The official and fully authorised biography of the world’s most revered and celebrated drummer, and mainstay of The Rolling Stones
Charlie Watts was one of the most decorated musicians in the world, having joined the Rolling Stones, a few months after their formation, early in 1963.
A student of jazz drumming, he was headhunted by the band after bumping into them regularly in London’s rhythm and blues clubs. Once installed at the drum seat, he didn’t miss a gig, album or tour in his 60 years in the band. He was there throughout the swinging sixties, the early shot at superstardom and the Stones’ world conquest; and throughout the debauchery of the 1970s, typified by 1972’s Exile on Main St., considered one of the great albums of the century. By the 1980s, Charlie was battling his own demons, but emerged unscathed to enhance his unparalleled reputation even further over the ensuing decades
Watts went through band bust-ups, bereavements and changes in personnel, managers, guitarists and rhythm sections, but remained the rock at the heart of the Rolling Stones for nearly 60 years – the thoughtful, intellectual but no less compelling counterpoint to the raucousness of his bandmates Keith Richards and Mick Jagger. And this is his epic story.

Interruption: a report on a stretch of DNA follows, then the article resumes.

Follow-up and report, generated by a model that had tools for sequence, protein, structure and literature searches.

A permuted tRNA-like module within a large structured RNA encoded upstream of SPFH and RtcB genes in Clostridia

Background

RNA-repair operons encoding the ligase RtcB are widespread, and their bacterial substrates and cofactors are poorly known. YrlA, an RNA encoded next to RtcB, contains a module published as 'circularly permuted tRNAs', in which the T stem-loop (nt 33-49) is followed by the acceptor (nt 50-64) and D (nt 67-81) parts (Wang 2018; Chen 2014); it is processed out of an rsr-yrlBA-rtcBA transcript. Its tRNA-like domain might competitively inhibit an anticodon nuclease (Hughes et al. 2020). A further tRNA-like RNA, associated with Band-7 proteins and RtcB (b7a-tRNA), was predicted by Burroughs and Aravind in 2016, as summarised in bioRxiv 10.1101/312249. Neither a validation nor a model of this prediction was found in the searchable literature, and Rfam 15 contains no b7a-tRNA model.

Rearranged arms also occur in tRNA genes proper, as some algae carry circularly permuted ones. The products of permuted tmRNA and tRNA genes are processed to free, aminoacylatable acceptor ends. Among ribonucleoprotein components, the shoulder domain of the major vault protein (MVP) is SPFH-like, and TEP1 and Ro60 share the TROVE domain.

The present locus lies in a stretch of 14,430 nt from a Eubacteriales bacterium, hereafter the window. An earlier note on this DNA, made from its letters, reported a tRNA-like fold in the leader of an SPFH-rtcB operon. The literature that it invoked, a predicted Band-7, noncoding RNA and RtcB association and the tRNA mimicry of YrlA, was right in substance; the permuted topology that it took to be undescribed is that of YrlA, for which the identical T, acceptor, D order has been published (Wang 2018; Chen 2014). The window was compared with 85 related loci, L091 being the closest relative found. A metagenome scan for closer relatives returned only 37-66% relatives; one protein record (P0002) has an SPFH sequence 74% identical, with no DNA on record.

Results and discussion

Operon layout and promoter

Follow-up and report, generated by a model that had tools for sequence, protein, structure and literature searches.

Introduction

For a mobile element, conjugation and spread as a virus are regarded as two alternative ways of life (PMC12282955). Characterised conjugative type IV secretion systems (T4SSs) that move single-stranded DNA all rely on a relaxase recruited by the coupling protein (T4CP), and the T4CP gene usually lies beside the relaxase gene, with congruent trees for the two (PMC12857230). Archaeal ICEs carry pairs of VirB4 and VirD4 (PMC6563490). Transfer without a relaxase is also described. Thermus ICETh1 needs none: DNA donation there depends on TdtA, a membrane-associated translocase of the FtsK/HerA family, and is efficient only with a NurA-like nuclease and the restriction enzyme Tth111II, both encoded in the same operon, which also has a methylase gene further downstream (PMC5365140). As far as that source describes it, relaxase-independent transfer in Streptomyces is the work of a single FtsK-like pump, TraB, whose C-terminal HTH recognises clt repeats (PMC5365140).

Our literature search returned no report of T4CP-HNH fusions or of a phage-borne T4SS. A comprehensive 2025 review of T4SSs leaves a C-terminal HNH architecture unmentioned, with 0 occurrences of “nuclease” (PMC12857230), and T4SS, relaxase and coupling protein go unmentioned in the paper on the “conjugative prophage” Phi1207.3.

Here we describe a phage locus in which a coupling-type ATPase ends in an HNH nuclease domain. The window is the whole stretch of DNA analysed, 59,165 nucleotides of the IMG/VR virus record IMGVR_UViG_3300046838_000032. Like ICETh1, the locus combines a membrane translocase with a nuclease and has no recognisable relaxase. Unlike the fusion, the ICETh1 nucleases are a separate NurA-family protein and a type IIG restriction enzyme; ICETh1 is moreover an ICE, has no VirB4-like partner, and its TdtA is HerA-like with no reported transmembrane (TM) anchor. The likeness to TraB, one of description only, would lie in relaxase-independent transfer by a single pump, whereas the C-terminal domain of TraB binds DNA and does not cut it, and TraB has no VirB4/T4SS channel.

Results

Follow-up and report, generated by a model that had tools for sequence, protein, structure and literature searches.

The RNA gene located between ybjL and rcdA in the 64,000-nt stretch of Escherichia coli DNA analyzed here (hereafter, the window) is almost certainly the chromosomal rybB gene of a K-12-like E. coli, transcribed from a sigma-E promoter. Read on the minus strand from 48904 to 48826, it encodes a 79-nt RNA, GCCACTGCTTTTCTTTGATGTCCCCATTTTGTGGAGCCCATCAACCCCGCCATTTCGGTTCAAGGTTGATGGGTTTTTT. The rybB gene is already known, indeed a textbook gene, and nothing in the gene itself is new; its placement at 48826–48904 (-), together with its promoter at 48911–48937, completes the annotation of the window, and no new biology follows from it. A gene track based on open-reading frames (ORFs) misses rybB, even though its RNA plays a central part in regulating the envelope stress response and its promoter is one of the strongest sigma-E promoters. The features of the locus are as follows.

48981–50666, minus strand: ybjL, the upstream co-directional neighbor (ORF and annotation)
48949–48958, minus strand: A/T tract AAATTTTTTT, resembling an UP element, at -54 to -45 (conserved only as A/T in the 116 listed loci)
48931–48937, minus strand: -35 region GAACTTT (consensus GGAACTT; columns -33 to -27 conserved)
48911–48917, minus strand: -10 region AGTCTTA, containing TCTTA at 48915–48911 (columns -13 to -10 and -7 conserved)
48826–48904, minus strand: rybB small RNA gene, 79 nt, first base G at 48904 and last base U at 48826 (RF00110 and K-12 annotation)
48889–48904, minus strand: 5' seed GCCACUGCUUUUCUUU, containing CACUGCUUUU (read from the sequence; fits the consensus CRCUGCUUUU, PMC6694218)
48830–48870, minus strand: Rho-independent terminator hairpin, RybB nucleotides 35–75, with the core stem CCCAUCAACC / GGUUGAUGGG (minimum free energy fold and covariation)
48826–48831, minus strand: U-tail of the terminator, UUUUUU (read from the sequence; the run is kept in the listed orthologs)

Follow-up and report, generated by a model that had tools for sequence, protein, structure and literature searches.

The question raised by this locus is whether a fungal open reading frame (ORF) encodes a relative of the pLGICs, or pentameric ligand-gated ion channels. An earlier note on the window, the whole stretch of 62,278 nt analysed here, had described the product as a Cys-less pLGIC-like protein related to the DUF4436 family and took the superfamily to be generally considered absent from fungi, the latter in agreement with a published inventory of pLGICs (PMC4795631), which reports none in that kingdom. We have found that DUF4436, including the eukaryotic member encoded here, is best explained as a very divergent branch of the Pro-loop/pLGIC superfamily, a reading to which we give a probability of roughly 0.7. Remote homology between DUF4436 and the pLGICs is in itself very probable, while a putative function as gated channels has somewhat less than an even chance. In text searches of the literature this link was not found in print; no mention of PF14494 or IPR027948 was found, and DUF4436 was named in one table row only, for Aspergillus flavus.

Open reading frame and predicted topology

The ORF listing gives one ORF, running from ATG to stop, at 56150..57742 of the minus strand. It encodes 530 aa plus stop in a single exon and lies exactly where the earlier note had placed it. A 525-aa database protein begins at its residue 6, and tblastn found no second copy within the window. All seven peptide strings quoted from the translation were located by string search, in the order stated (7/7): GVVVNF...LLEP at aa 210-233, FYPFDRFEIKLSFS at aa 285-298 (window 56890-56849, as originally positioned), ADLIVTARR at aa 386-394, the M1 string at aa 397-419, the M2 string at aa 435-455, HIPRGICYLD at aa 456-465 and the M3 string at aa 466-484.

About the author
Paul Sexton is an author, journalist and broadcaster who has covered The Rolling Stones, and interviewed all of the band extensively, for some 30 years. He started writing about music for the weekly pop paper Record Mirror while still a teenager in 1977, and his work has appeared in all of the quality UK press, most notably The Sunday Times and The Times, as well as in Billboard magazine and countless documentaries and shows for BBC Radio 2. His book Prince: A Portrait of the Artist in Music and Memorabilia was published in 2021. He lives in south London.